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Melanoma in Men is Often Found on the Head or Neck In Women, It Often Occurs on the Lower Legs

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Dr. Carlos Ayala
Dr. Carlos Ayala

Mega Doctor News

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The Rio Grande Valley is getting ready for the summer.   Spring flowers are blooming, days are longer and there is more time to be out in the sun. People are starting to get in shape to look better in their bathing suits and getting in those solar rays.

Soon school will end for the summer break and families will be traveling. More sun means more Vitamin D and researchers are still finding new health benefits to taking this ‘Sun Vitamin”. However whenever possible you should try to get your Vitamin D through dietary sources and vitamin supplements instead of sun exposure to not increase your risk of skin cancer.

May is Skin Cancer Awareness Month. More than 2 million people in the United States are diagnosed with nonmelanoma (basal or squamous cell) skin cancer each year. The number of new melanoma cases increases each year. In 2014, it is estimated that there will be almost 140,000 new cases of melanoma, the most serious type of skin cancer. By 2015, it is expected that about 1 in 50 Americans will develop melanoma in their lifetime; about 1 in 5 Americans will develop skin cancer in their lifetime.

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These may be alarming statistics but skin cancer is the most common form of cancer in the United States. Each year there are more new cases of skin cancer than the combined incidence of cancers of the breast, prostate, lung and colon.   You need to know the risk factors of having skin cancer.

Risk factors may include:

Sun exposure-Some people who spend a lot of time in the sun may develop skin cancer if they do not protect their skin with sunscreen or clothing. As well as tanning in the sun or in a tanning bed.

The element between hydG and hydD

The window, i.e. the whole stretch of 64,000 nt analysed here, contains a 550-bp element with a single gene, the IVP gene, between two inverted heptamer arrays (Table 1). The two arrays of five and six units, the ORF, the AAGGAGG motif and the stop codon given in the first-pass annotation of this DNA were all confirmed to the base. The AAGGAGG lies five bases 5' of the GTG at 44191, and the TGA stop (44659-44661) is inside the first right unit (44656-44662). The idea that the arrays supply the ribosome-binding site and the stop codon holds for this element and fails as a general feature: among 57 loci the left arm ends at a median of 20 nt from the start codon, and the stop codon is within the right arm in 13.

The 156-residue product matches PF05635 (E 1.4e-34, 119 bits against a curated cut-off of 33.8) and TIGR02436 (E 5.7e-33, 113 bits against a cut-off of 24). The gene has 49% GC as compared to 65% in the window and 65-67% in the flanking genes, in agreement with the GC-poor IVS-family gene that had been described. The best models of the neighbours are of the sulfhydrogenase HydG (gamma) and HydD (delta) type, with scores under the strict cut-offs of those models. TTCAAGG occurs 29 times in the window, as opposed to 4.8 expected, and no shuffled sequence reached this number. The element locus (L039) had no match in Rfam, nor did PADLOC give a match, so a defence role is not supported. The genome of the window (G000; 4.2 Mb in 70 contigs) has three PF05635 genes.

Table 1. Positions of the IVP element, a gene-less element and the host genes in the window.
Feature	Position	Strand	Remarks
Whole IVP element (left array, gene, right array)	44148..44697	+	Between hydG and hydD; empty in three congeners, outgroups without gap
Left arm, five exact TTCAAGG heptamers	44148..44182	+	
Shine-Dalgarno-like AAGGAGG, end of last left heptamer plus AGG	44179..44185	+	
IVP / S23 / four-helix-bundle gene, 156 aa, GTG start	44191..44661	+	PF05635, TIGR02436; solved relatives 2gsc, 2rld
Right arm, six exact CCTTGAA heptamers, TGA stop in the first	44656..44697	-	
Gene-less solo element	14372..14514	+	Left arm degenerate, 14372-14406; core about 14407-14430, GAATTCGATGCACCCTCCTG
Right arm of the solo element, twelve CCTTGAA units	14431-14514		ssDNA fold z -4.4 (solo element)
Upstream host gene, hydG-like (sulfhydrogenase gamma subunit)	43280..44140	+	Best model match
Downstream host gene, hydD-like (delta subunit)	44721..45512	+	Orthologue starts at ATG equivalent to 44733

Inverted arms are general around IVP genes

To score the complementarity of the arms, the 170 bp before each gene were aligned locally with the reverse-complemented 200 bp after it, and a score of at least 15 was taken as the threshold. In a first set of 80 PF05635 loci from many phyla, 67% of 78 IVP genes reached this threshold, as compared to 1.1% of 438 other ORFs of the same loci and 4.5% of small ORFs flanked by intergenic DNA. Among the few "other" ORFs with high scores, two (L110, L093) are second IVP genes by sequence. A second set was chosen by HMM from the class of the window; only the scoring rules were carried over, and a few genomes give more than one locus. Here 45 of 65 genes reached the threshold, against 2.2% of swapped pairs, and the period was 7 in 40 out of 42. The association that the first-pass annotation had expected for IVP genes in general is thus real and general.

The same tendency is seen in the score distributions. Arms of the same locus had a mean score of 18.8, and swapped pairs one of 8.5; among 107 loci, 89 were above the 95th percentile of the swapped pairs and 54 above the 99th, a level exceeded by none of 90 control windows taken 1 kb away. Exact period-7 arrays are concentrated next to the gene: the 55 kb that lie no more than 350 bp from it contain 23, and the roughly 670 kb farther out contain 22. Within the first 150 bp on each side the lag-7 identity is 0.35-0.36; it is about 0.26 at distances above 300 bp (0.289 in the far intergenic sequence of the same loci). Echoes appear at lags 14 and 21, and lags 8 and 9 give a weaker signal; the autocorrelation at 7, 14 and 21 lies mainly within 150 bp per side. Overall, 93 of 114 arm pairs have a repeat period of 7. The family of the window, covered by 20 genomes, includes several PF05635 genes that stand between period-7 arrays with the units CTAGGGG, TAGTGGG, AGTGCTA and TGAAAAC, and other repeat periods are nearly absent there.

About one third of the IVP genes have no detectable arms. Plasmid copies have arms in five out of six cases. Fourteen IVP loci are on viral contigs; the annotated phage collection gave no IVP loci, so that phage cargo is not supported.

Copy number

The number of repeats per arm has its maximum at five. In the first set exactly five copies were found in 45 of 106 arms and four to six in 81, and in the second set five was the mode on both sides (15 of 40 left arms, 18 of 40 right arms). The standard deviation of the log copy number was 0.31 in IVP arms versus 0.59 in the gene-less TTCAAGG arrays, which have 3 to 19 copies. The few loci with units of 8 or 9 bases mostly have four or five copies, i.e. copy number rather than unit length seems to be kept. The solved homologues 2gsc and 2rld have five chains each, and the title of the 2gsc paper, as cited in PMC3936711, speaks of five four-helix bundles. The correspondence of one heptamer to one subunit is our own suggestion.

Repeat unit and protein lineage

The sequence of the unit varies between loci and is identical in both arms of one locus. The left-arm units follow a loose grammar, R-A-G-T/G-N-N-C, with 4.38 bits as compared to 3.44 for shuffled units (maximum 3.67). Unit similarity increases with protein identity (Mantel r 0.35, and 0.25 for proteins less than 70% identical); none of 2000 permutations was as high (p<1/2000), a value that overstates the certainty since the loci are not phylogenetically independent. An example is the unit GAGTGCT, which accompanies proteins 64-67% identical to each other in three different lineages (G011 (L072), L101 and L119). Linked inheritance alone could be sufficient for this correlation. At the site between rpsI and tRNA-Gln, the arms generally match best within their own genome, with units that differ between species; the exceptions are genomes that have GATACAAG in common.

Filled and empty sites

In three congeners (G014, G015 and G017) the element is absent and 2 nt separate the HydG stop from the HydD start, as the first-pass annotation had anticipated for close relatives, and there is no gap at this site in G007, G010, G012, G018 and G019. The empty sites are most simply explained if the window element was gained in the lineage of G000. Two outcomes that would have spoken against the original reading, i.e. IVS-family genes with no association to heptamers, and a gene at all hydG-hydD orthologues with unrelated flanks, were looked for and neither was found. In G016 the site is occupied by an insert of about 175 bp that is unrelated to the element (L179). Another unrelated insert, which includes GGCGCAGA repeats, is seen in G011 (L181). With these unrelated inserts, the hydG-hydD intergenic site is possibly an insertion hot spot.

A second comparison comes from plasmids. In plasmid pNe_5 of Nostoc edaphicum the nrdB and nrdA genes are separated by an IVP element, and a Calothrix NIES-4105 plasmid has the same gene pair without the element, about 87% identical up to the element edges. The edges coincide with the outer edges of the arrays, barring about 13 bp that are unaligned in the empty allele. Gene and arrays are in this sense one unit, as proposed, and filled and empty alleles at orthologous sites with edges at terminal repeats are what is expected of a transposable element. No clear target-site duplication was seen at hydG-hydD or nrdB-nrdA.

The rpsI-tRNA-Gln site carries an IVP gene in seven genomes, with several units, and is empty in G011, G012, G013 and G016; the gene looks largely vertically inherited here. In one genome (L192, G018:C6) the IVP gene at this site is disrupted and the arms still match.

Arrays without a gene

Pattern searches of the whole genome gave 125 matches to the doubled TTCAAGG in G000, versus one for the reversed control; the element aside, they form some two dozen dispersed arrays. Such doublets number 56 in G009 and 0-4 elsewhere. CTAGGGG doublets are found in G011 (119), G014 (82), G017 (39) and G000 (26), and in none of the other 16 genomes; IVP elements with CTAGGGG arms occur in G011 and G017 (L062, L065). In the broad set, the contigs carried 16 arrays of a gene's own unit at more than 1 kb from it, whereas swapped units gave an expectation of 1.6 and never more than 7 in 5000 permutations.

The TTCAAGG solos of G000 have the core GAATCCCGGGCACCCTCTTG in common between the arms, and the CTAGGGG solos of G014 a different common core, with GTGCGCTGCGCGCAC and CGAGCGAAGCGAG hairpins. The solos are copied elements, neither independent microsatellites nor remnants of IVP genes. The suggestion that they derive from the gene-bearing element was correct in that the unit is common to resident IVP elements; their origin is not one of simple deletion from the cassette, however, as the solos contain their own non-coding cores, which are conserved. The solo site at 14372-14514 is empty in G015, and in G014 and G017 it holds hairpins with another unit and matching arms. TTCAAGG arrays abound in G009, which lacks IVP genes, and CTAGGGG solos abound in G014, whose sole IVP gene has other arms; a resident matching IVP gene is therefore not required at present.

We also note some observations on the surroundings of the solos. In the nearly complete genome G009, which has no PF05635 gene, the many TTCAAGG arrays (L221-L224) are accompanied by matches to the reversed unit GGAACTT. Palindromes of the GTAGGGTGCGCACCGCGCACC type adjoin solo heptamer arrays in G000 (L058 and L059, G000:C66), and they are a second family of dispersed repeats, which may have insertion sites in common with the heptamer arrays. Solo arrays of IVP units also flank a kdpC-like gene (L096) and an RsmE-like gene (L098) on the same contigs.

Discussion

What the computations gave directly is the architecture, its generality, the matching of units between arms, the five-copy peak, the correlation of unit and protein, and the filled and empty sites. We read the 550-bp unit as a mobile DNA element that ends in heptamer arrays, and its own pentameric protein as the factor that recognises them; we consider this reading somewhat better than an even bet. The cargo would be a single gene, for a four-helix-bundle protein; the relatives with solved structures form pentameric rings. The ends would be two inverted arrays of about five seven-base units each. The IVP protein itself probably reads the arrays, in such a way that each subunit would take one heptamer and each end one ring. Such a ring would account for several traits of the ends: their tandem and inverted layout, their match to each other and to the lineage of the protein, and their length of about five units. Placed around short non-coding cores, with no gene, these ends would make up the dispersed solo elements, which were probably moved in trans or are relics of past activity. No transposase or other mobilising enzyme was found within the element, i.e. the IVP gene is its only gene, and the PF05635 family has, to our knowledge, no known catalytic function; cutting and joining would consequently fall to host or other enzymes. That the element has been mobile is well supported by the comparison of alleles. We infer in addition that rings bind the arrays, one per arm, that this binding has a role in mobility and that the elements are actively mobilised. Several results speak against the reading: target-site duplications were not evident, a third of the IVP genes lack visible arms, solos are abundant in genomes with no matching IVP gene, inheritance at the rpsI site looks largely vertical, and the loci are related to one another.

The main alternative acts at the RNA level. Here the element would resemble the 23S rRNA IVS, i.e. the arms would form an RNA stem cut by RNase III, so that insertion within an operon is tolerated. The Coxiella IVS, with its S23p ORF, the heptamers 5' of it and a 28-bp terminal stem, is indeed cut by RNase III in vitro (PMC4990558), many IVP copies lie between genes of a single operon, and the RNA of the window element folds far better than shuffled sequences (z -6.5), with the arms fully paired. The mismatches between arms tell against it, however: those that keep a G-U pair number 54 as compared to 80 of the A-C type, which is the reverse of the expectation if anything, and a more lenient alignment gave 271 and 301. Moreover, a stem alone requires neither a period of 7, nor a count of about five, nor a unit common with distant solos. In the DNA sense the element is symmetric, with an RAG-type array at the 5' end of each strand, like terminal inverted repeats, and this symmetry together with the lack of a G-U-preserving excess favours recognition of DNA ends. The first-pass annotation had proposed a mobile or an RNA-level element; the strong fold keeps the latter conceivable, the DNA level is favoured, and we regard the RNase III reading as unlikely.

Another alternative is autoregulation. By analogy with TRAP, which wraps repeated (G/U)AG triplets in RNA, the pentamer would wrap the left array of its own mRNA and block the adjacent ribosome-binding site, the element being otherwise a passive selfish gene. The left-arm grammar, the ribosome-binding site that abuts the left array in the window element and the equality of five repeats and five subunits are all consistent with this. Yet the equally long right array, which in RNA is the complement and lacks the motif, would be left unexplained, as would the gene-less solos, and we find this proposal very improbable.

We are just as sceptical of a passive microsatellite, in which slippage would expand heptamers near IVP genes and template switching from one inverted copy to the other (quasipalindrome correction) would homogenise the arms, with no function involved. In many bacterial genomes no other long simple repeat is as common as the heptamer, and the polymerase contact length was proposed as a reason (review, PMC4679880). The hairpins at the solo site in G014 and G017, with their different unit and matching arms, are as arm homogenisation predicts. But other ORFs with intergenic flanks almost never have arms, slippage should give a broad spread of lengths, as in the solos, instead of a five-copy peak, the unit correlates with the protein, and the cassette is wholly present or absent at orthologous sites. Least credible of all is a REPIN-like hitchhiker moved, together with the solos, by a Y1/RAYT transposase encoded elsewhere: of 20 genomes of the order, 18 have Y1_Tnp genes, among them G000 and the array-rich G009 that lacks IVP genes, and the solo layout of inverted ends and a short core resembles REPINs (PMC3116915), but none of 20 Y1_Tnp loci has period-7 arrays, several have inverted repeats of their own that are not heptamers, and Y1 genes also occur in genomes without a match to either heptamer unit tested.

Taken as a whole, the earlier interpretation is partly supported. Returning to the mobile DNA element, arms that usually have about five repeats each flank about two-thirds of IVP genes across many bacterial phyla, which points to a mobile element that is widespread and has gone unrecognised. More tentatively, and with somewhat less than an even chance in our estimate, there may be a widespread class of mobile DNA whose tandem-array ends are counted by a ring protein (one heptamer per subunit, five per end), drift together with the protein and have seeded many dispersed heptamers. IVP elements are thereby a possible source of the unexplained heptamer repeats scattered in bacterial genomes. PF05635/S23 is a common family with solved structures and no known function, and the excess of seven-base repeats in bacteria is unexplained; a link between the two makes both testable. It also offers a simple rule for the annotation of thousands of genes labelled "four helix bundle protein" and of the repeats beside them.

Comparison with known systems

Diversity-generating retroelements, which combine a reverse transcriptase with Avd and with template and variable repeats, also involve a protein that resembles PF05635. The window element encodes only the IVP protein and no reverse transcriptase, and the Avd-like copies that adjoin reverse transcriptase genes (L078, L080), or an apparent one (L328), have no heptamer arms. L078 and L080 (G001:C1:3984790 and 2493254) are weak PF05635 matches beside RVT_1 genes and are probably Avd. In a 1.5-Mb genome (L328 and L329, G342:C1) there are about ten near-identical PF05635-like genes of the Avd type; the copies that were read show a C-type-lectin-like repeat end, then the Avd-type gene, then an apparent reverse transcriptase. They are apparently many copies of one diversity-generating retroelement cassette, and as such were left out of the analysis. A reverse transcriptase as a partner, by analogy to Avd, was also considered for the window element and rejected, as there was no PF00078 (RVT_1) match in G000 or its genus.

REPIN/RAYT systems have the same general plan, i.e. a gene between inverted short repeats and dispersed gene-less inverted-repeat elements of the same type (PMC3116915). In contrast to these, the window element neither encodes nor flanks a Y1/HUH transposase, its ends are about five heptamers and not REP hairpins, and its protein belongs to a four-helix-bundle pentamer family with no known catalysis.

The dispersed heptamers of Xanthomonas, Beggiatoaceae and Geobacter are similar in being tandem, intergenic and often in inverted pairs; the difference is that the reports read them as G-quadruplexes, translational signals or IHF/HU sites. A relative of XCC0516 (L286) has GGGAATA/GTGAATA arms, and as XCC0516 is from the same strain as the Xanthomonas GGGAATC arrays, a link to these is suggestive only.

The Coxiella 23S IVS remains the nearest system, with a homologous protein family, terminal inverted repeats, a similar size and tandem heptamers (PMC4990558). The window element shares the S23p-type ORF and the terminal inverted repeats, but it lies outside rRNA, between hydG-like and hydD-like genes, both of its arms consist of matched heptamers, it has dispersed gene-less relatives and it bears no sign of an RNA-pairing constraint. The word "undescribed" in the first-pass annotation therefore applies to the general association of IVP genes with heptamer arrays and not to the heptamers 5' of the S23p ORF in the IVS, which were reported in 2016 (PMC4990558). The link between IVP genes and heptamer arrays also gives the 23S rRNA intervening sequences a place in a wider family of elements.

Fair skin-If you have fair skin, blonde or red hair, or light-colored eyes and get freckles or sunburns easily, you are more likely to get skin cancer than a person with darker skin a history of sunburns-If you had 1 or more sunburns that blistered when you were a child or teenager, you are at risk for developing skin cancer as an adult

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A personal history of skin cancer-Having had skin cancer in the past increases your risk for skin cancer in the future.

A family history of skin cancer-You may be at risk for skin cancer if one of your parents or a sibling has had skin cancer.

Certain medicines and health conditions-If you take some types of medicine or have certain health conditions that weaken the body’s ability to fight off disease, you may be at increased risk for skin cancer.

Multiple or unusual moles

Types of skin cancer include Basal Cell & Squamous Cell Carcinoma and Melanoma.

Basal cell carcinoma is the most common type of skin cancer in the United States, especially in people with fair skin. This type of cancer grows slowly; it usually appears on sun-exposed areas of the skin, such as the face, scalp, neck, arms, and legs.

It will usually appear as a bump or growth that can be pearly or waxy, pink, flesh-colored or brown, a sore that bleeds easily or does not heal, a sore with a sunken area in the middle. It has a low risk of metastasis and high likelihood of cure if treated.